The effect of rising volatility is, of course, to encourage risk-averse strategies in the financial markets. As far as the equity markets are concerned history shows that shares react negatively in two distinct phases. The first, lasting about a month, tends to be relatively mild (the S&P 500 index, for sake of argument, declining by less than 5%). The second phase, during which risk-aversion strategies begin to kick in, tends to last about two months (May-June 2006 for example) and sees the sell-off accelerating markedly. Over the past twenty years these are the typical time frames required by investors fully to discount the extent of a so-called "volatility event". Given that these potential events are a) not easy to predict and b) cover a wide range of potential disasters, average market response times may not have much practical application in reality, however, they do serve as a "reality checkpoint" in an ever kaleidoscoping world.
Potential risks to the markets
Or rather, so which? In our final Week In Preview publication of 2006 we outlined a number of scenarios which might cause the financial market consensus to trip up. To some extent, though, these events have been mulled over for some time and therefore they cannot genuinely fall into the category of "truly unforeseeable". But there is another category of risks that really are unforeseeable and the extent of their seriousness and impact on the markets depends to a large extent on the timing at which they emerge.
In the light of the above comments we lift the stone for investors to look underneath.
1. The first pertains to the threat to markets posed at the point at which investor appetite for a particular instrument is sated. Where, put differently, hands are uplifted in surrender. Such an event is mostly likely to occur in the credit markets, particularly in the context of already wafer-thin spreads between junk bond and government bond yields. We are grateful to Goldman Sachs for reminding us that, in similar circumstances back in 1989, it was the sudden loss of appetite for a junk bond deal to fund UAL's proposed buy-out of its ESOP that triggered a four-day, 7%, decline in the S&P Index. Seven months later that index had still not quite clawed back all the lost ground. Given that the market is currently rippling to the whispered gossip of a possible $100bn LBO for a major US retailer, investors might be forgiven for a bout of dj vu all over again!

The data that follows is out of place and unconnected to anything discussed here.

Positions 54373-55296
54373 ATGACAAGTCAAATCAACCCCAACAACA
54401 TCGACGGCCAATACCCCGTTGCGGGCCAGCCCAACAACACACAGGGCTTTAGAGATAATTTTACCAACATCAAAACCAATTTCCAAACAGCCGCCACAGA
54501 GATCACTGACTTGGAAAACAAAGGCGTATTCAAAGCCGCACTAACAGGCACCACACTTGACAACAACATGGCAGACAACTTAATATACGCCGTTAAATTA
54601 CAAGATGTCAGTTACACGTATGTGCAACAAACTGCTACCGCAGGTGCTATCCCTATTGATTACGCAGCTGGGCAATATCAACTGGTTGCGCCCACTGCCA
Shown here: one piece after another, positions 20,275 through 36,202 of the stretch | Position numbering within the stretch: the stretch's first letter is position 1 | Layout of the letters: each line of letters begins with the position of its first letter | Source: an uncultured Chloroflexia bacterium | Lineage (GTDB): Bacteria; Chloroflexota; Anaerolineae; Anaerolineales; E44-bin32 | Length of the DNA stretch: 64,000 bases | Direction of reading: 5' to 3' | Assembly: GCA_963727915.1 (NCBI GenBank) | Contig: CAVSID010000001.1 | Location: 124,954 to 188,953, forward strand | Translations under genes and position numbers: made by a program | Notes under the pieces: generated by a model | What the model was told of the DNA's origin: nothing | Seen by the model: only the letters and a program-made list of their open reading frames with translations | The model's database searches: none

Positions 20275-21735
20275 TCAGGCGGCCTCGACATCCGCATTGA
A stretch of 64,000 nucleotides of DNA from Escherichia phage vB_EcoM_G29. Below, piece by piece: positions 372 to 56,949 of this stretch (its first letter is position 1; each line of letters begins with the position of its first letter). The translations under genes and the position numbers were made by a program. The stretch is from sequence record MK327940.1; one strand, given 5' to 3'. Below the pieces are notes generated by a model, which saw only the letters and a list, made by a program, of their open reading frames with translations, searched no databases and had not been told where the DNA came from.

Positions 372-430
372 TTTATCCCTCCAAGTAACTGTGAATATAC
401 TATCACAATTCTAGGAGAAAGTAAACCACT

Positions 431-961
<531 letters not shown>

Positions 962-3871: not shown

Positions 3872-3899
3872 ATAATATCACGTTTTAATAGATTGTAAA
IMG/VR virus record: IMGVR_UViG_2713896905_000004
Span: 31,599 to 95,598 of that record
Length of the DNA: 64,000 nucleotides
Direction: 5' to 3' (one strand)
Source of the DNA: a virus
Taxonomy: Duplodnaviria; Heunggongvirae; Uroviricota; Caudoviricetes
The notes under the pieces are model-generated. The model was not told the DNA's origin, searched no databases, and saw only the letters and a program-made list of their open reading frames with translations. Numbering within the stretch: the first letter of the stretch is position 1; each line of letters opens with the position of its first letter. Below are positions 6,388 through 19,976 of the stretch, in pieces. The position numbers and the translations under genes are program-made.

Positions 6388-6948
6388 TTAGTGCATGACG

2. Macro economic risks can, and do, unsettle markets from time to time despite the much improved nature of data compilation and extensive and intensive analysis that takes place before and after each data release. The May June 2006 equity market shake-out proved to be a case in point. Whilst no one single data release proved the catalyst for the May 9th stumble, investors woke up that morning to the view that underlying inflation pressure was likely to prove more sticky than had previously been thought. This view was not confined to isolated geographic regions either. The US Federal Reserve and the Bank of Japan both tightened the monetary policy screw resulting in widespread risk reduction mania breaking out.
3. Any major geo-political event.
4. The fourth and equally impossible to anticipate risk derives from the impact of a genuinely far-reaching piece of research or investigative journalism. Two examples spring immediately to mind. Firstly, the revelations, by Cazenove, of the split-capital investment trust fiasco. The consequences of the unravelling of the "magic circle" are still being felt to this day. Secondly, the March 17th 2006 Wall St. Journal article regarding the back-dating of share options. All companies were affected by a truly excellent and far-reaching piece of analysis which came sufficiently out of the blue as to preclude any hedging in anticipation of its release.
Perhaps just as remarkable as the de-risking that took place over May-June last year was the re-risking which followed it. The sharp revival in developed equity market fortunes over Q3 2006 required all investors, risk-averse or not, to jump aboard the equity train or risk being left behind. Share price rebounds, unaccompanied by concomitant improvements in earnings expectations (in fact forecasts tended to be reduced not raised) resulted in a sharp expansion in market multiples from earlier lows. Such an event has, inevitably, increased the vulnerability of all equity markets to an event which jolts the status quo and is the reason why many professional investors are at least starting 2007 by sticking pretty close to their benchmark indices.
By Jeremy Batstone, Director of Private Client Research at Charles Stanley